If Ian Callum, Jaguar’s design director, were to put his pen down today, his position high in the design firmament would be secure forever.
A few years later, Callum’s vision of the future allowed Jaguar, whose management at the time wanted to keep it handcuffed to worn-out traditions, to leapfrog two design generations and become modern again – starting with the XF in 2007 and leading to today’s XE, F-Pace and now I-Pace. But Callum refuses to “wallow in glory”, as he puts it.
“I’m lucky to have come in at difficult times for both companies,” he says. “It’s easier to fix something than to improve what’s already good.” Besides, none of the biggest successes would have been possible without the loyal, multi-talented design team he has assembled at Jaguar but which is barely visible to the outsider’s eye.
Indeed, the desire to understand the duties of this team was the main reason we began asking a year ago to share one of Callum’s working days inside the Whitley design studio. There were initial, understandable concerns about confidentiality, but we came to an eventual understanding that we’d be talking more about people than products.
7.30AM IAN CALLUM’S HOUSE
We’re drinking coffee in the kitchen, looking at a big mural on one of the walls, a colourful abstract of a speeding Jaguar F-Type. There’s no getting away from cars in this house, it seems. Callum is elated because the postman has just brought a new set of Minilite alloy wheels for one of his two treasured Mini Cooper Ss. They are part of an eclectic collection that includes a beautiful Jaguar XJ-C, a Ford hot rod, a Vanquish, one of Land Rover’s last Heritage Defenders and a 1957 Chevrolet saloon – all acquired because Callum feels he needs projects, for sanity’s sake.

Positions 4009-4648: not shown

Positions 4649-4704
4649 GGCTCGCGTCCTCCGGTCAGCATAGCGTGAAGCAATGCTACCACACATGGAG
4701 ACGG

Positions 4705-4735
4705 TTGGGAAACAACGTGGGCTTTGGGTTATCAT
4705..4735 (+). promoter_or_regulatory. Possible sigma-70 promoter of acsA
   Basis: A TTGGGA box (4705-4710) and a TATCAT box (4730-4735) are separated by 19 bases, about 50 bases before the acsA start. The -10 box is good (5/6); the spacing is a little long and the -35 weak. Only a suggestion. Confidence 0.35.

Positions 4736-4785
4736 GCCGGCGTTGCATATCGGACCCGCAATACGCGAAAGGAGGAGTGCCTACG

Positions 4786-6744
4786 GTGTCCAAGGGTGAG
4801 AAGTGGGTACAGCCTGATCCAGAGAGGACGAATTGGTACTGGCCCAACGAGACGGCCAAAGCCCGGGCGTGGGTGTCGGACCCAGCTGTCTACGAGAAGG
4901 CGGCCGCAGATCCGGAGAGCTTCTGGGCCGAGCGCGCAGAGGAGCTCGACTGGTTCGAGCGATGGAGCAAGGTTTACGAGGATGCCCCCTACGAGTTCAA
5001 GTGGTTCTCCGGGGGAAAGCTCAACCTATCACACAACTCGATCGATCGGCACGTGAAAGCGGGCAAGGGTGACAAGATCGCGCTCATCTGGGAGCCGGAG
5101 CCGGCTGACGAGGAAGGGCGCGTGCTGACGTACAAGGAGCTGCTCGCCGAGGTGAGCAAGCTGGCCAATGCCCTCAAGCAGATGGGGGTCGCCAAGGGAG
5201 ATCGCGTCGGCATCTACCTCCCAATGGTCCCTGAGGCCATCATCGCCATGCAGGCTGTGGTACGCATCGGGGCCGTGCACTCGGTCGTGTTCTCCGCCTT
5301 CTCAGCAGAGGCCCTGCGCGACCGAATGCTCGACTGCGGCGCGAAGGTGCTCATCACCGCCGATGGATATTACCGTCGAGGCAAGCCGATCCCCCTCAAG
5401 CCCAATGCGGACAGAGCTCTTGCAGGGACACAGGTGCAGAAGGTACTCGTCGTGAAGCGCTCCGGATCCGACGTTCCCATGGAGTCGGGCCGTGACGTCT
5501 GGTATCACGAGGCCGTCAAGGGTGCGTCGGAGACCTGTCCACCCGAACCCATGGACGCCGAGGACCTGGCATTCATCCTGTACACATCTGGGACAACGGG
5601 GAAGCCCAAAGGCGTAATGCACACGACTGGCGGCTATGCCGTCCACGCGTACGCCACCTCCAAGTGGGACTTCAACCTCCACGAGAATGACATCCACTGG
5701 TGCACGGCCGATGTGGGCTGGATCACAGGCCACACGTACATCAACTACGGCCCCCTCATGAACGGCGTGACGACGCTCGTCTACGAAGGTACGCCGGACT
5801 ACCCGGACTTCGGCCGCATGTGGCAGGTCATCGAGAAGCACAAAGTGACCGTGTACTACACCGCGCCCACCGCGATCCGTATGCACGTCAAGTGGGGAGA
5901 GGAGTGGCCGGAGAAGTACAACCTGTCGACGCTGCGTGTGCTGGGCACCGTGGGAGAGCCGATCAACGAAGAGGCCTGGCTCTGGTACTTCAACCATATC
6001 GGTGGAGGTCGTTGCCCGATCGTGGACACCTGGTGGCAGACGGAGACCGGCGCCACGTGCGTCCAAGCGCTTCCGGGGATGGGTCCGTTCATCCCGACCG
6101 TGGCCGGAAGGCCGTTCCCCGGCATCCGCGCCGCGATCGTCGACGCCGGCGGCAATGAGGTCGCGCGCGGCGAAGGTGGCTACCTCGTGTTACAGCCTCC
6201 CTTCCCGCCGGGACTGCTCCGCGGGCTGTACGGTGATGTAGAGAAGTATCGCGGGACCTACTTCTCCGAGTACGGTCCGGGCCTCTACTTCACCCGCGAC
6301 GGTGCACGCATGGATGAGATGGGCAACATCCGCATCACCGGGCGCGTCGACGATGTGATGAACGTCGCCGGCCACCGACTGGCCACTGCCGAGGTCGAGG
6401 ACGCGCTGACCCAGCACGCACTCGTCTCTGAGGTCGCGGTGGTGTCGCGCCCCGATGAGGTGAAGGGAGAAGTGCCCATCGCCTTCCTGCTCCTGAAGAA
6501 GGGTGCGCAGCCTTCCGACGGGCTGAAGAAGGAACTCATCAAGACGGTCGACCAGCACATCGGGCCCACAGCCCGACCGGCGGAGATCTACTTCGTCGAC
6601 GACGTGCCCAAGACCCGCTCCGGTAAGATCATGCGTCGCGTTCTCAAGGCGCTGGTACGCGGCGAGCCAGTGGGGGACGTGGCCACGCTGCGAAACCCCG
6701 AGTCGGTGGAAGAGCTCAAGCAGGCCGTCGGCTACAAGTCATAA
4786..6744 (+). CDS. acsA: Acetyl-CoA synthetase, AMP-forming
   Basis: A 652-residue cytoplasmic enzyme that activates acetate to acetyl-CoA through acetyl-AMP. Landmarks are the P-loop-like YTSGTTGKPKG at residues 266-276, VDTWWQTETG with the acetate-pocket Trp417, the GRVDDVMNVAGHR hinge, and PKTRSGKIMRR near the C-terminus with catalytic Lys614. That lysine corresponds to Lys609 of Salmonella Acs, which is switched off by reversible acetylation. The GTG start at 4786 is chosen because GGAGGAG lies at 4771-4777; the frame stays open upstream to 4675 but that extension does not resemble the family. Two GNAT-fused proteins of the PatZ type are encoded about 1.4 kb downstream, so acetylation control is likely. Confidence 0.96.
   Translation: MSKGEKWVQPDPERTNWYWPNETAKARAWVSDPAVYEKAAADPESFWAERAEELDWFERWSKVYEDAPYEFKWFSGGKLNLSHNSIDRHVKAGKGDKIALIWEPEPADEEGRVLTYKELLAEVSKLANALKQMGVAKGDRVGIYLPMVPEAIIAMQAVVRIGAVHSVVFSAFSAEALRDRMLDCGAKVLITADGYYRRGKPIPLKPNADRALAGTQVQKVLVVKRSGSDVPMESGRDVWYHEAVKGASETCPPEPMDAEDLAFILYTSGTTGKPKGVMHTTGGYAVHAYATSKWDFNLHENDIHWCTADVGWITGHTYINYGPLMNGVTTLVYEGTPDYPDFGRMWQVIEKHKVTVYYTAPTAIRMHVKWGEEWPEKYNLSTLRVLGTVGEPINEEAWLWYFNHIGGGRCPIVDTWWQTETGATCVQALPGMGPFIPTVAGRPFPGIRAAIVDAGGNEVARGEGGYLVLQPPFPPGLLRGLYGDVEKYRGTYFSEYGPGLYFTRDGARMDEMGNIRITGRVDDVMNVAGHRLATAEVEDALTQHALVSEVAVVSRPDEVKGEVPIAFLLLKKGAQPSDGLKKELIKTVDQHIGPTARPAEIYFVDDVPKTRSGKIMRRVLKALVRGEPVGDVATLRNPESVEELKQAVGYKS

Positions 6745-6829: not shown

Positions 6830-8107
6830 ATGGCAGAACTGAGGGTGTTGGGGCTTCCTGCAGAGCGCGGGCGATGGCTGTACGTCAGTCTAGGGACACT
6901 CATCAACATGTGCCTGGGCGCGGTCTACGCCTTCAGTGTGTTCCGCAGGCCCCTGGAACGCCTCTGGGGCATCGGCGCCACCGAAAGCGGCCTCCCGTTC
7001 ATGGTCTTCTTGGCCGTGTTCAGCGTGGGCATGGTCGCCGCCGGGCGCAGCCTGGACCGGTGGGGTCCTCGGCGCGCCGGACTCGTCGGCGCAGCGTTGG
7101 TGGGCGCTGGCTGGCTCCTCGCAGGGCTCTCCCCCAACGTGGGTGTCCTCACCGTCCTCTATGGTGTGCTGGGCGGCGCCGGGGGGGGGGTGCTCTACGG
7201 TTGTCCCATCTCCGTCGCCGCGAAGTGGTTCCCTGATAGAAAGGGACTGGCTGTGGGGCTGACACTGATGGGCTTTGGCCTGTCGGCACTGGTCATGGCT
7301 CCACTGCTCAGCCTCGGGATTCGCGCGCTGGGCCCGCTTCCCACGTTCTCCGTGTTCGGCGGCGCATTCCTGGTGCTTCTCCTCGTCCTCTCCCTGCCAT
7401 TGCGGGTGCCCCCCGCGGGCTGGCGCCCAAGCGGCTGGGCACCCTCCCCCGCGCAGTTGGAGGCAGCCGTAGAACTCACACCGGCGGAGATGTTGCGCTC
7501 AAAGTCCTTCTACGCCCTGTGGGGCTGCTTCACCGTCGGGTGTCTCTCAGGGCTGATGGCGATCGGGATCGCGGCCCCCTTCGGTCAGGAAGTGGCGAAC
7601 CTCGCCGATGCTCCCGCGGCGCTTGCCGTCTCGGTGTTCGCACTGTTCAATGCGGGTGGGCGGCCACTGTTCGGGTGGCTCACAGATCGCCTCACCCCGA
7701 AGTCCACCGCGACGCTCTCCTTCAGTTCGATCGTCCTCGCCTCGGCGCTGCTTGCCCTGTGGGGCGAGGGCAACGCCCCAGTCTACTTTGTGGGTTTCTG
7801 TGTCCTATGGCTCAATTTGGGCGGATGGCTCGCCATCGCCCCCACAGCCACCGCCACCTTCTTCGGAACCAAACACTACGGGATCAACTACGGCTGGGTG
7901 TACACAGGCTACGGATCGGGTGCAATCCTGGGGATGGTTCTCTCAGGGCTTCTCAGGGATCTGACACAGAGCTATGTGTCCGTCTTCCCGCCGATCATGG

7.50AM IN THE CAR
Callum lives 15 minutes from the office and knows the difference it makes to his life. His red F-Type R (“I love primary colours”) hardly gets a chance to warm up, but he has still driven 8500 miles in six months, mainly on trips to Scotland and Heathrow. A new car will be coming soon; there’s a market among Jaguar enthusiasts for ex-Callum cars.
We chat about the Vanquish (“Mine’s a later model; the gearbox works fine”) and how he would like to tweak the design. “I like doing facelifts,” he says, “because fashions change and you change as a designer, and this is a chance to reflect that. People sometimes think there’s something cynical about the way you design a car, allowing for the facelift and all that. But that’s not the case. You always do your best. But you also learn things as the original car goes through its life, and you can usually make it better.”